The developer creates and controls the first board of directors. As soon as a majority of the units are sold by the developer, owners must elect a new board. This is done at a “turn-over meeting”.
Before the meeting, you can review the disclosure statement you received when you bought your unit. It will help you understand the business to be discussed at the meeting.
The disclosure statement includes:
The agenda for a turn-over meeting must cover certain items:
Effective November 1, 2017, the following changes to voting method apply:
Votes may be cast by:
(a) a show of hands, personally or by proxy
(b) a recorded vote that is:
(i) marked on a ballot cast personally or by a proxy
(ii) marked on an instrument appointing a proxy
(iii) indicated by telephonic or electronic means, if the by-laws so permit
Also, condo owners now have the right to keep the content of their votes secret. Under certain conditions, a condo corporation can pass a by-law to amend or repeal this right. For further details, please see section 14.1 of O. Reg. 48/01 under the Condominium Act, 1998.
The developer maintains the corporation’s documents until the turn-over meeting. At the turn-over meeting, the developer gives the new board all the corporation’s documents. The Condominium Act specifies what documents the developer must turn over. These include:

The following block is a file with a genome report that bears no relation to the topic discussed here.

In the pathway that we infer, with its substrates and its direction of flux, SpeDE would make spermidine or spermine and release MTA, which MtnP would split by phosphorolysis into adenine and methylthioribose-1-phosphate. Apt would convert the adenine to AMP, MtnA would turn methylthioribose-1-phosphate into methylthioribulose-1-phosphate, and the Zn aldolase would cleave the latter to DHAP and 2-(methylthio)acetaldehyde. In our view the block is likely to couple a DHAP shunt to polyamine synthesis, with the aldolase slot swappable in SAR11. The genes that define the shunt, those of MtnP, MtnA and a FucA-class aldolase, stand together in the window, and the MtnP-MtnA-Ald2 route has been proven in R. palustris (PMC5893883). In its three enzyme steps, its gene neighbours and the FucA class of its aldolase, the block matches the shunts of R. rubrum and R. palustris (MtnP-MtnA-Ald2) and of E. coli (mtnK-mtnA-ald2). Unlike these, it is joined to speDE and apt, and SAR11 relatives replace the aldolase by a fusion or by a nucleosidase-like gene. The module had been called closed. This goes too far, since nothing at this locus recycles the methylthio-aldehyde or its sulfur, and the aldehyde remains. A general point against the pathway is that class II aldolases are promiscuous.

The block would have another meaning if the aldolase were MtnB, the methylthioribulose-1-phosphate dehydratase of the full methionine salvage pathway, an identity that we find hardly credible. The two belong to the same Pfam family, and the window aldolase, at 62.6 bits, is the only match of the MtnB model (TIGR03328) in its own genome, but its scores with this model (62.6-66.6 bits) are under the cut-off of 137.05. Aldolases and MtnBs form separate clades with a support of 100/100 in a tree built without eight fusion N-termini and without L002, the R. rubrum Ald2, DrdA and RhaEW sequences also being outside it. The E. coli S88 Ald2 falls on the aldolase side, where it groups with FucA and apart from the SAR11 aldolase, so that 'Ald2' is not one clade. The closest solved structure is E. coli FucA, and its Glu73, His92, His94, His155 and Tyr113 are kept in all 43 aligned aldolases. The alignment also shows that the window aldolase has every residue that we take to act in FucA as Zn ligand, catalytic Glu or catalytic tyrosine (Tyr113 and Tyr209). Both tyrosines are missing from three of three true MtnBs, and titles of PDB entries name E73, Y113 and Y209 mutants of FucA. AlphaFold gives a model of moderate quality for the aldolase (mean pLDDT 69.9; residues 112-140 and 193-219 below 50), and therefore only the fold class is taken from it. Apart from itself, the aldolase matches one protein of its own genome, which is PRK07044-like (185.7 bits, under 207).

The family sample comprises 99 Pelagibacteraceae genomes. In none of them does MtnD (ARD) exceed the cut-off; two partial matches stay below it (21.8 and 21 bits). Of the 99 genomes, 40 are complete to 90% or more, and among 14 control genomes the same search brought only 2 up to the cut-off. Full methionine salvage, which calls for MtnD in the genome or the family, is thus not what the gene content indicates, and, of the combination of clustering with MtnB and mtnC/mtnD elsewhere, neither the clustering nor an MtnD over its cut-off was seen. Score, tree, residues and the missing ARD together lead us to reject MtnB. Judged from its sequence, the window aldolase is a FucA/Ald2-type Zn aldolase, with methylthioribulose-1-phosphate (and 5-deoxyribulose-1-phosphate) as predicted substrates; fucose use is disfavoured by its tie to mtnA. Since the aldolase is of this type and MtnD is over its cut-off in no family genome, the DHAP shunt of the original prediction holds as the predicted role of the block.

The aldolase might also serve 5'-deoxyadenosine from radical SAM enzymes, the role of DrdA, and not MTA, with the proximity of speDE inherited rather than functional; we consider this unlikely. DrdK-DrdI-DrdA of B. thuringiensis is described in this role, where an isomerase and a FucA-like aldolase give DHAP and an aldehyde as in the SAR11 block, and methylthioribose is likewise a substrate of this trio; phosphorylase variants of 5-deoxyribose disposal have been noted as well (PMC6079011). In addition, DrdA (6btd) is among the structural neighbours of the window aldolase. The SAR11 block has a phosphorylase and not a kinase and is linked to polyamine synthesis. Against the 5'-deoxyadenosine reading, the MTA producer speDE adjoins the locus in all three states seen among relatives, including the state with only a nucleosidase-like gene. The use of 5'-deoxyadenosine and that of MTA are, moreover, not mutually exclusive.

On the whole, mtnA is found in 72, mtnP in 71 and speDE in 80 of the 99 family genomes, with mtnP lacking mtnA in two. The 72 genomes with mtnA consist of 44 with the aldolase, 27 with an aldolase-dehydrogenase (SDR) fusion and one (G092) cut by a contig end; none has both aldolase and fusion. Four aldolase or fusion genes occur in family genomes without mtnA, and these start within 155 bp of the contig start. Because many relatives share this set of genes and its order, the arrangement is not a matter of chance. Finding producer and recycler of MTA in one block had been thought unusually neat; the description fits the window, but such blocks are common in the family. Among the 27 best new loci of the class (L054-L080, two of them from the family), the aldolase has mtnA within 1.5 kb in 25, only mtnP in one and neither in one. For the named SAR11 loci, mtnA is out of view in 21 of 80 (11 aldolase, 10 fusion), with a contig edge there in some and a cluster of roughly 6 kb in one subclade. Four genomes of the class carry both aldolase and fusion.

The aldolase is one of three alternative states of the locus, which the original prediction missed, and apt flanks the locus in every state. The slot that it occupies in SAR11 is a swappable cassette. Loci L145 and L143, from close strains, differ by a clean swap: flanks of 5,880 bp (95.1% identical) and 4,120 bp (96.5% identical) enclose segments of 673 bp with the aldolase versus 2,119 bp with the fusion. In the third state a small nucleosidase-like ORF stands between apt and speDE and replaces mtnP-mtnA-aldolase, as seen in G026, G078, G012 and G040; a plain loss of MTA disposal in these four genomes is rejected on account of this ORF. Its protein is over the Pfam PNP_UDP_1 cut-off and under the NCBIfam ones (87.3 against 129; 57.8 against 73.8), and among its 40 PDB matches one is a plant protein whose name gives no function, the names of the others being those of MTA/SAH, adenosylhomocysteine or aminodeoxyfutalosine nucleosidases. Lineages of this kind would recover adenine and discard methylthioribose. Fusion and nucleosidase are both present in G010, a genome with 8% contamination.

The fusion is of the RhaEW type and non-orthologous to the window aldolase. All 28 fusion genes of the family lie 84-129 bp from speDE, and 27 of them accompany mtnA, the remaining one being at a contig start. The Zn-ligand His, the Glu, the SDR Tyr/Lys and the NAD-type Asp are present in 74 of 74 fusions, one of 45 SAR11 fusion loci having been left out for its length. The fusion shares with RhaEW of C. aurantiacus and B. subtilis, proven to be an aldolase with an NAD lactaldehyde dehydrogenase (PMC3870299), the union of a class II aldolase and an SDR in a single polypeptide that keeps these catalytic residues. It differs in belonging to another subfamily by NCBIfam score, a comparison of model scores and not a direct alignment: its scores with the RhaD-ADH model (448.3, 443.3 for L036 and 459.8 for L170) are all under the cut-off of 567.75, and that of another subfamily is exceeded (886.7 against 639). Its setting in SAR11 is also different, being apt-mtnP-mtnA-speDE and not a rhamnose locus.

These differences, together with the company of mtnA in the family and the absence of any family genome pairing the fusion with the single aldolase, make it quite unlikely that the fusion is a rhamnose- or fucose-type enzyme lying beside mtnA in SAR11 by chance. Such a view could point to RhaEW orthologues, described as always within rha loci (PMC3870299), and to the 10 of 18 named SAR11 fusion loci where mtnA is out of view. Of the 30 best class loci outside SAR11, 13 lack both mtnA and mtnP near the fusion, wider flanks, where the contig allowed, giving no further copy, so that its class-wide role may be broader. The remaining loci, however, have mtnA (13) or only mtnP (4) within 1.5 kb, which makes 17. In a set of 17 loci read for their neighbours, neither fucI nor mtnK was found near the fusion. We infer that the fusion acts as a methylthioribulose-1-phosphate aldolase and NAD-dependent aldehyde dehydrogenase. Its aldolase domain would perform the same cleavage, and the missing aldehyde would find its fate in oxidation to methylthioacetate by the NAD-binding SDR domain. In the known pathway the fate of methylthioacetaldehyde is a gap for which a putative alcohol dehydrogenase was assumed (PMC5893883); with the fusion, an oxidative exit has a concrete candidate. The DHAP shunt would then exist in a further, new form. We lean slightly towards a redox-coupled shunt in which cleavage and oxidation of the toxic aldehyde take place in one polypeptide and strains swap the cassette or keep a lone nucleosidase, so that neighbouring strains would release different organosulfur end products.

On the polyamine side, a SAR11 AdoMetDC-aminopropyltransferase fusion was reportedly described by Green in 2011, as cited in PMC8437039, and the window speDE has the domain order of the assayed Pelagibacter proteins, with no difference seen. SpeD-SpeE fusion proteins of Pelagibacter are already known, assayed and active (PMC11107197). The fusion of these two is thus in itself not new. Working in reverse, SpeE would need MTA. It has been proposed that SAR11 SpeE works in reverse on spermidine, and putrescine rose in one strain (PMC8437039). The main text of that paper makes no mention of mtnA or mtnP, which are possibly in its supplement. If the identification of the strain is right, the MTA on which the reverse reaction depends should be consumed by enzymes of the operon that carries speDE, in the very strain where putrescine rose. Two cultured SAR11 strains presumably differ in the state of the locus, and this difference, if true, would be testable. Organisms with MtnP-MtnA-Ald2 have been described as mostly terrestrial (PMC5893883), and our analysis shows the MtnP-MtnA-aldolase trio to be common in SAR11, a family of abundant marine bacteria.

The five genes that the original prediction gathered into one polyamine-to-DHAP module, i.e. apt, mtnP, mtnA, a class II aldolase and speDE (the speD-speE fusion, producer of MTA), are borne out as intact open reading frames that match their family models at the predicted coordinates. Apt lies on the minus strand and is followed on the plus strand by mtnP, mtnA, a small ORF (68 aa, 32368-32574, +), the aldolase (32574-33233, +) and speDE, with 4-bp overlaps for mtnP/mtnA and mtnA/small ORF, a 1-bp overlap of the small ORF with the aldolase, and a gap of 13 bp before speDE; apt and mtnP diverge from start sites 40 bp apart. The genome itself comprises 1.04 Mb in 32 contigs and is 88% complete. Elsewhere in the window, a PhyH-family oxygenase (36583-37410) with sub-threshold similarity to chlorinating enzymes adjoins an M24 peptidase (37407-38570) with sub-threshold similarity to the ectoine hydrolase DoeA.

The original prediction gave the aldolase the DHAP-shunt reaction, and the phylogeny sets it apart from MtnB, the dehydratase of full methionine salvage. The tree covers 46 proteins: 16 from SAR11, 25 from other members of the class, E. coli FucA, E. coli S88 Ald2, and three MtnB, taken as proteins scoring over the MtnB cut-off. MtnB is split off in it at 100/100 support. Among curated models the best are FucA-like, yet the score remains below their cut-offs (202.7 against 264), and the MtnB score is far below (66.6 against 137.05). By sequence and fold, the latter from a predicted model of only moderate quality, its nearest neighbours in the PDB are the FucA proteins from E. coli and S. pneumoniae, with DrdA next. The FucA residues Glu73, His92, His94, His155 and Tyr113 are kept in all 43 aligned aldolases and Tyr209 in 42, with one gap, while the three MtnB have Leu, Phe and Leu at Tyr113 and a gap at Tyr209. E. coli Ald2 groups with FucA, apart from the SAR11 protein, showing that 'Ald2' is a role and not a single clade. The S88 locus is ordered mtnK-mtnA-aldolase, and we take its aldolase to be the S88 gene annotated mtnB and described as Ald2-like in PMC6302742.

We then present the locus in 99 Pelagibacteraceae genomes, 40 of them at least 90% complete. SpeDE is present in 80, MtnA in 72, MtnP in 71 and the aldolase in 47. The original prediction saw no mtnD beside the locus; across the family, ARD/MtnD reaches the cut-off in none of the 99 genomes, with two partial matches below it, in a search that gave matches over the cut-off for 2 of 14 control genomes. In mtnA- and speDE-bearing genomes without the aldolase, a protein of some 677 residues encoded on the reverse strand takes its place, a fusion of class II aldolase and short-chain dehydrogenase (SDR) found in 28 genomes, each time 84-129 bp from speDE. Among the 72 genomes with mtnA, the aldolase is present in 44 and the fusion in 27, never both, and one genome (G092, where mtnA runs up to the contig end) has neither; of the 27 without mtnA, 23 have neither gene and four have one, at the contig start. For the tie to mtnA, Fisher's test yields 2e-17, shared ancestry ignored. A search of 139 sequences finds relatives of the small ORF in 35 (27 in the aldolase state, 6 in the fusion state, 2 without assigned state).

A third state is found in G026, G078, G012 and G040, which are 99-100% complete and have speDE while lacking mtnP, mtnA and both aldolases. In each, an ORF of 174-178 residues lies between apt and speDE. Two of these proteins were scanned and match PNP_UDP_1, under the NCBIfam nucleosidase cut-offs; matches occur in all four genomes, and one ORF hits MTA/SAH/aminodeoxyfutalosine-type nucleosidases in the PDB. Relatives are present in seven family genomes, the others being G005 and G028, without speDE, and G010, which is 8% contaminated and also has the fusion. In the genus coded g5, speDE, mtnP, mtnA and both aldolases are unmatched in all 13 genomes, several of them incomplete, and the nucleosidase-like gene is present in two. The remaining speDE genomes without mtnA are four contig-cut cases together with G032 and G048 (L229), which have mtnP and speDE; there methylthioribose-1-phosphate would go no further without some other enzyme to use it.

The declarant must turn over other important information within 30 days of this turn-over meeting, such as:
Within 60 days, the developer must turn over audited financial statements.
The first “owner” board assumes responsibility and can make changes to condominium operations.
The new board:
Sometimes the developer doesn’t turn over all required documents. If that happens, the condominium can take the developer to court. The court can order the developer to provide the documents. In addition, the developer could be subject to a fine and may have to pay the condominium’s court costs.
Quorum is the minimum number of owners that are required by law to be present for the meeting, either in person or by proxy. If there is no quorum, there can still be a discussion on a matter, but no vote can take place at the meeting.
Effective November 1, 2017, the standard quorum for a turn-over meeting is 25% of the owners. If the quorum is not reached on the first two attempts to hold the meeting, the quorum is reduced to 15% on the third and on any subsequent attempts.